One of the secondary functions of Disneyland and The Magic Kingdom is teaching; histories and architectural styles are taught with mere glances, while films, novels, plays, music and all other media are annotated vigorously and continually. Although probably not everyone was led from Mr. Toad's Wild Ride to The Adventures of Ichabod and Mr. Toad to Kenneth Grahame's beautiful The Wind in the Willows as I was, but youthful expeditions on Tom Sawyer Island at Walt Disney World may one day bear fruit as assigned readings of Mark Twain in high school become as nostalgic and enjoyable as hey deserve to be. It would probably be impossible to construct a full list of references for something like The Haunted Mansion or Pirates of the Caribbean, but memories of everyone from Charles Dickens to William Shakespeare to Oscar Wilde and Robert Louis Stevenson echo through Walt Disney World like a chorus.

The full text of Old Times on the Mississippi.
Further information on Clemens and Bixby.
Full text of The Adventures of Tom Sawyer.

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Passport to Dreams Old & New For Further Study list:


Old Times on the Mississippi, 1876, Mark Twain - nonfiction.
A Midsummer Night's Dream, Warner Brothers Pictures 1935, Dir: William Dieterle
The Tales of Hoffman, London Pictures 1949, Dir: Michael Powell
Tiki Modern, 2007, Sven Kirsten, Taschen Books

7 comments:

Tangaroa said...

Very nice.

The only problem with these posts is that they make me want to abandon whatever I'm working on and immerse myself in these other works. Oh Burgess Meredith, you were right - there's just not enough time.

And seeing anything by Michael Powell in any list makes me happy.

Stephen said...

Absolutely correct...one of the greatest things the "character invasion" robs us of is that dialogue the Disney parks have with other great cultural works. When every square inch of theme park is done up in Disneyana, the place looks "cute" but loses a great deal of resonance and significance.

To use an example of yours, I remember my class reading in 5th grade--"The Adventures of Tom Sawyer"--coinciding with a trip to Disney World (and therefore Tom Sawyer Island), and I will always remember how the book and the theme park enhanced each other. Each work made the other come alive for me...I doubt that would have happened were I greeted at the Island by a rootin' tootin' Mickey Mouse.

There's nothing special about a park that shuts itself off from non-Disney influences...and very little to entice non-Disney fans the way the parks once did.

Stephen said...

(...though I understand, of course, that this post wasn't intended to start any "character wars". It just seemed only natural. ;))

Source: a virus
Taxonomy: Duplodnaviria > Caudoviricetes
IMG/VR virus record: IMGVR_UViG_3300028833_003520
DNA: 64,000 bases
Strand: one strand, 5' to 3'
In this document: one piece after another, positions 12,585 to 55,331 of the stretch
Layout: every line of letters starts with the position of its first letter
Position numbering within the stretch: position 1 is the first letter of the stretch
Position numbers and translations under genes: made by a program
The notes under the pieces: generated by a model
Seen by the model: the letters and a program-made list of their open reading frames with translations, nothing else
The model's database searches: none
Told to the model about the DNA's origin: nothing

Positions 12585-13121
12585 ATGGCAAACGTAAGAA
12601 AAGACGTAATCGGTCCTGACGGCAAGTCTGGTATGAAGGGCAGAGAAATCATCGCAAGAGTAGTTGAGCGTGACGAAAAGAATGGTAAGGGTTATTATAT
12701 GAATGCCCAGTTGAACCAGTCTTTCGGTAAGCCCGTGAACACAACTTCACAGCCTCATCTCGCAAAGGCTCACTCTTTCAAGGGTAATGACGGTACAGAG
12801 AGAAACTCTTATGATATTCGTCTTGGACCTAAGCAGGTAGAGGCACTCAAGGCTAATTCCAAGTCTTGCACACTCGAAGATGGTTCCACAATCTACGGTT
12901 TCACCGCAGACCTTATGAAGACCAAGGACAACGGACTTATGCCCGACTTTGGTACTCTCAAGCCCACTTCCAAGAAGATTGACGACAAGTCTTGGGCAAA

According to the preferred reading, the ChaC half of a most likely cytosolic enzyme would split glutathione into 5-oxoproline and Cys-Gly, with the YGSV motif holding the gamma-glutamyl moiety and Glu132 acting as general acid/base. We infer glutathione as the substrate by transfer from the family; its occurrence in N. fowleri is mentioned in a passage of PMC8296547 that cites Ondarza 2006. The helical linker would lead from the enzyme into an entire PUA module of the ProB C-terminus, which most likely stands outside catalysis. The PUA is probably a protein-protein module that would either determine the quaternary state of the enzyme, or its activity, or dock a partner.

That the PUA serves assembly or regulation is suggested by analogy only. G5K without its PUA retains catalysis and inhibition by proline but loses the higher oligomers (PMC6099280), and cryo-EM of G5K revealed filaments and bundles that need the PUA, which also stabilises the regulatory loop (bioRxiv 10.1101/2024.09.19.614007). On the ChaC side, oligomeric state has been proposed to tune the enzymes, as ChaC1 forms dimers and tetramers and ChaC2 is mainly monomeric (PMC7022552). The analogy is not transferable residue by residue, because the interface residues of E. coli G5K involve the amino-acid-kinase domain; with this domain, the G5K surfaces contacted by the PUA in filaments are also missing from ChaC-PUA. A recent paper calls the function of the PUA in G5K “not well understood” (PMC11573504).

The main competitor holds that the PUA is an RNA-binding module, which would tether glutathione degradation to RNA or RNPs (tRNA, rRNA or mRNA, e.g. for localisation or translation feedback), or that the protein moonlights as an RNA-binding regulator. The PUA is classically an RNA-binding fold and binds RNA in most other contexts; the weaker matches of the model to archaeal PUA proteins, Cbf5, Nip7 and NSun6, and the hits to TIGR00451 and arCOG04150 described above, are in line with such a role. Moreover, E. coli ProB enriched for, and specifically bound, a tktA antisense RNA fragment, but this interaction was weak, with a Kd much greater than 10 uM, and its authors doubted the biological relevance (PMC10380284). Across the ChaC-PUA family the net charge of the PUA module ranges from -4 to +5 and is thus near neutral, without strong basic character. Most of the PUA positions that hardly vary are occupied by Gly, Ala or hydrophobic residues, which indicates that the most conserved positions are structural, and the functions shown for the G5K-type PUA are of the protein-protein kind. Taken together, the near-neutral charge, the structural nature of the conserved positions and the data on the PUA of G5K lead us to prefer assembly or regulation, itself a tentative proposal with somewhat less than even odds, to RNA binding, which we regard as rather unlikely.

Cory Gross said...

It was Tom Sawyer's Island at Disneyland that made me want to start reading Mark Twain!

The Island itself was a small disappointment... As a child, I would watch old episodes of the Mickey Mouse Club after school, and they always included footage that promoted the new park. The ones that left the most lasting impression were of Frontierland, the canoes, Tom Sawyer's Island and Fort Wilderness. Well, those things weren't all quite in place when I was finally able to go, which is where the disappointment comes in.

However, the pre-piratized Tom Sawyer's Island was still one of my favorite areas of the park, probably due in no small part to it being most like an actual park... Still heavily landscaped, but also the most forested and least harried. I'm also a fan/analyst of Davy Crockett, so thos influences helped as well.

Nevertheless, there were a lot of fixtures on the Island that I didn't quite understand. The combination of that and the Mark Twain Riverboat, which is one of my favorite attractions, prompted me to read "The Adventures of Mark Twain." I had read some of his work earlier, but it wasn't quite the same as an inspired attempt to read his main classic.

Of course, the Island bore so little resemblance that it was almost amusing, and now what even was there has been lost. Oh well. In the mean time, I kept reading Twain and can safely call him one of my favorite authors.

Oh yes, and the film that I most associate with the area is not even one by Disney. Wil Vinton made a wonderful Claymation film in 1986 called The Adventures of Mark Twain, which is a very emotionally sensitive and mature piece about Twain taking an airship to meet up with his own death on Halley's Comet. It includes Tom, Huck and Becky as characters, vignettes from The Diary of Adam and Eve and The Mysterious Stranger, and dialogue lifted almost entirely from quotes.

Cory Gross said...

Yeesh! The fourth paragraph, obviously, should have said that I read "The Adventures of Tom Sawyer."

Biblioadonis aka George said...

One of the secondary functions of Disneyland and The Magic Kingdom is teaching; histories and architectural styles are taught with mere glances, while films, novels, plays, music and all other media are annotated vigorously and continually.

What a great statement. I would imagine that we are going to see less true Americana and less education (as stated above) in any future building by Disney.

Unless...

Craig Wheeler said...

You really, really need to read Vinyl Leaves (if you haven't already). It is right up your alley!